In response to:
'Rewriting the Iran-Contra Story': An Exchange from the March 2, 1989 issue
To the Editors:
Theodore Draper is really an amazing phenomenon: he is so intent on discrediting my book, Perilous Statecraft, that he sinks to new lows in misdirection [Letters, NYR, March 2] when he discovers that I agree with him. How else can one explain his denunciation of me for daring to point out that we agree that Casey almost surely was not the inspiration for North’s “off the shelf” covert action program and the “diversion” of money from the Iran Initiative to the contras? He even savages me for quoting Casey’s lawyer in support of (not, as Draper would have it, “to prove”) that conclusion (which is argued over a number of pages).
Then he has at me once again on Ghorbanifar. Like those at CIA who stereotyped Ghorbanifar as a near-total, pathological liar, Draper just can’t bring himself to look honestly at the evidence. For what does Mr. Draper use as proof of Ghorbanifar’s mendacity? He cites the trip to Tehran in the spring of 1986, when “Ghorbanifar was blamed by the Americans for having deceived both sides about what each was prepared to do….”
It sounds good, but it’s wrong, as Draper should have learned by reading Perilous Statecraft, or by simple logic. For if the Americans really believed Ghorbanifar to be a liar, how could they have entrusted the arrangements for a trip as sensitive as the Tehran mission to such a person? They couldn’t, and they didn’t. The arrangements were confirmed in two separate telephone conversations between the CIA’s George Cave, and two top officials of the Khomeini regime in Tehran. So whatever misunderstandings existed can’t fairly be blamed on Ghorbanifar (as North did in his public testimony). And indeed, Cave testified to the Iran-Contra committees that his understanding of the arrangements did not coincide with what North apparently told McFarlane.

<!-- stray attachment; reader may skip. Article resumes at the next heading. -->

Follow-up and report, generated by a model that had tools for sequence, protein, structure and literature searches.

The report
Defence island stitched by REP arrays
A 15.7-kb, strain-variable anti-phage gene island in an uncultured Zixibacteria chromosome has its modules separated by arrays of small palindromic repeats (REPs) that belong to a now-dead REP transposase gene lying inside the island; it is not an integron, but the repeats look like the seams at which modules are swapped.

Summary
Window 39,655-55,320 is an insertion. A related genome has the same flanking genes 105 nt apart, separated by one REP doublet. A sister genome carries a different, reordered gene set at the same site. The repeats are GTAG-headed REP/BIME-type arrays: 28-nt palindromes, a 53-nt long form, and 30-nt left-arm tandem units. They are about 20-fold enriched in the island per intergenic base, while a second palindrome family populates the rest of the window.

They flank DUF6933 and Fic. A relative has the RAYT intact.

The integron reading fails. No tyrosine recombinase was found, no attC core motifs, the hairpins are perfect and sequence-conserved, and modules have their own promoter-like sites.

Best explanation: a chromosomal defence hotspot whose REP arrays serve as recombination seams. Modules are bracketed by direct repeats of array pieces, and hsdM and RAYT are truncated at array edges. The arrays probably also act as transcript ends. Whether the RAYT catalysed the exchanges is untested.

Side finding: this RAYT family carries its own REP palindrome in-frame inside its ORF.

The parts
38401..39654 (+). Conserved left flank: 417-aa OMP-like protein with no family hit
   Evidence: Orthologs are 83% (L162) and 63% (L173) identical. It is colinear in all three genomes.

So Draper’s bullying words about me—“Michael A. Ledeen is a gambler. He gambles that no one is going to check up on him”—are better applied to himself.
Michael A. Ledeen
Chevy Chase, Maryland
Theodore Draper replies:
Whether he likes it or not, Mr. Ledeen is still gambling: 1. The point at issue in Ledeen’s citation of a statement by Milton Gould, William Casey’s lawyer, is whether it referred to Casey’s attitude toward the “off-the-shelf capability.” I showed that Gould had said nothing more than that Casey had never done anything wrong. Ledeen again falls back on Gould without being able to cite anything to the contrary. If Ledeen could point to anything in Gould’s statement that actually refers to the “off-the-shelf capability,” he should have put it in his present letter. Bluster is not good enough.
More important is the issue whether Ghorbanifar lied to both sides at key moments—something Ledeen explicitly denied in his book (pp. 192–193). Now Ledeen mentions the evidence given by George Cave, the Farsi-speaking CIA consultant who went on the mission to Tehran. Cave happens to be the one who has given the most telling testimony that Ghorbanifar deceived both sides.
On p. 627 of his deposition, Cave states that Ghorbanifar told the Americans that they would meet with Prime Minister Musavi, Speaker of the Majlis Rafsanjani, and President Khomeini. The Americans were never permitted to meet them. On p. 652, Cave relates that the “senior Iranian” at Tehran “got me aside and showed me letters Ghorbanifar had written, giving them all this stuff that we had never heard about…. It is clear Ghorbanifar was telling the Iranian side one thing and us another.”
It is also clear that Ledeen has not done his homework and is gambling that no one else is doing it.